When they said full of beans
you bet they sure knew something
Because beans give it all they've got
about Jack et cetera
(a hill of beans by the way
Is really something
at the height of summer)
Drop a bean on the ground
and do nothing
and it grows
(if we lived someplace warmer)
would grow some more even then
Straight out of the new pods
pushing their way
damp with autumn rains and
Because pulling them out brings a certain kind of hesitation
See when they first came up
Their leaves were these little green hearts
Pointing this way and that in the soft brown
Maybe the hope that springs
from a garden box of beans
gives a friendly shove
to see us through
An unusual moment, the burning rim of the sun just now dipped behind the mountain range. A bare breath later and the light had changed completely, revealing an entirely new landscape.
Just a quick photo, but perhaps also a reminiscence of the sweeping landscapes once painted in oils by artists like Thomas Cole and Frederic Church, who were also fascinated by the river some century or so ago.
A surprising find in the carrot greens, these quite large and very vibrant caterpillars. Their size and neon coloring were very unexpected, like something one might see in a rain forest instead.
So, leaving them there to continue their quiet doings, deep and safe in the green fronds. And waiting to see just what they might transform into . . .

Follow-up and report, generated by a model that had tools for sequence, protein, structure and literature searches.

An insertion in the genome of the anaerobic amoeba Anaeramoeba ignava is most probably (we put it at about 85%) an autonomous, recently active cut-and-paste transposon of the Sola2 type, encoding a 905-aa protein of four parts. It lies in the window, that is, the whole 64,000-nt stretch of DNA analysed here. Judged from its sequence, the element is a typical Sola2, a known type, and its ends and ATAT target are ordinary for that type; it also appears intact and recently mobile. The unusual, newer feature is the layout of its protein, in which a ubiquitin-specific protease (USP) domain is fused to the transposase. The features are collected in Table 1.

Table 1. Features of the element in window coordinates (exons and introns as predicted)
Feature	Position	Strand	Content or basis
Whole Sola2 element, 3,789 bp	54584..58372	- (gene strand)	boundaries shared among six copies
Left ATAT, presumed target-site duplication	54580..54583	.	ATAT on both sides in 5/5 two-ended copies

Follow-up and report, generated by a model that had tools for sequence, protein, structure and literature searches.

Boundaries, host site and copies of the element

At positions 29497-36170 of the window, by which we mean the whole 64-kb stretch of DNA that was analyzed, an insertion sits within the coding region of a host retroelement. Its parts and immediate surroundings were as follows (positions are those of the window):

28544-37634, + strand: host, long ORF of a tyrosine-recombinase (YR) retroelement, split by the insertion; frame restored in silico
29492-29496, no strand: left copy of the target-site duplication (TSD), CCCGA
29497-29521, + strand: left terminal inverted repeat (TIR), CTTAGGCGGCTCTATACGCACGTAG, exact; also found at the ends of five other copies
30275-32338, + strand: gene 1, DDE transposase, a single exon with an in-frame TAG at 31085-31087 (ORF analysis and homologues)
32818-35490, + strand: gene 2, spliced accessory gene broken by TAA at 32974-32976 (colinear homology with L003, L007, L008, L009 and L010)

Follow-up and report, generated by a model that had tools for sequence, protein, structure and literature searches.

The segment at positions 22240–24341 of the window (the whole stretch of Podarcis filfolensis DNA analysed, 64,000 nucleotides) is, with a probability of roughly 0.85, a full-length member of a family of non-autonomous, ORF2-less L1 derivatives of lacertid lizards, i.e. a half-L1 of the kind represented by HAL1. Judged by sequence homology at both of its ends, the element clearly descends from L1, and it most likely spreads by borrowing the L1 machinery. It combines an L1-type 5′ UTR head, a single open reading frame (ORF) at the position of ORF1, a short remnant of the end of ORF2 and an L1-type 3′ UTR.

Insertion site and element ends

A visit to the Clark for the Picasso exhibition generated within us a special kind of alertness, particularly for visual experiencing. And the extraordinary overall aesthetics of the Clark itself kept this experience lively for us, as we emerged from the gallery into a narrow hall floored with dark grey stone.
The day was a grey one as well, and we sat down there in the hall, on little gold-brown beechwood cubes, and we looked out through floor-to-ceiling windows, watching the rain fall into the very large reflecting pool there.
The pattern of endless falling raindrops over the vast water was irresistible.
Later, on the bookshelves in the store, we discovered a copy of The Unknown Craftsman, A Japanese Insight into Beauty, by Sōetsu Yanagi, and translated by Bernard Leach. Opening it to discover this following observation in an essay called "The Way of Tea."
"Though everyone says he sees things, how few can see things as they are. Among those few are found the early masters of the Way of Tea. They had deep-seeing eyes. They could comprehend intuitively. And with this penetration, they saw truth.
What was their way of seeing? They saw directly. Most people look through some medium, generally interposing thoughts, personal tastes, and habits between the eye and the object. Assuredly, the result is different points of view, but it is quite another thing to see directly. Seeing directly constitutes a direct communion between the eye and the object. Unless a thing is seen without mediation, it cannot be grasped."
Meanwhile, on the way there and on the way back, these windmills in the mists.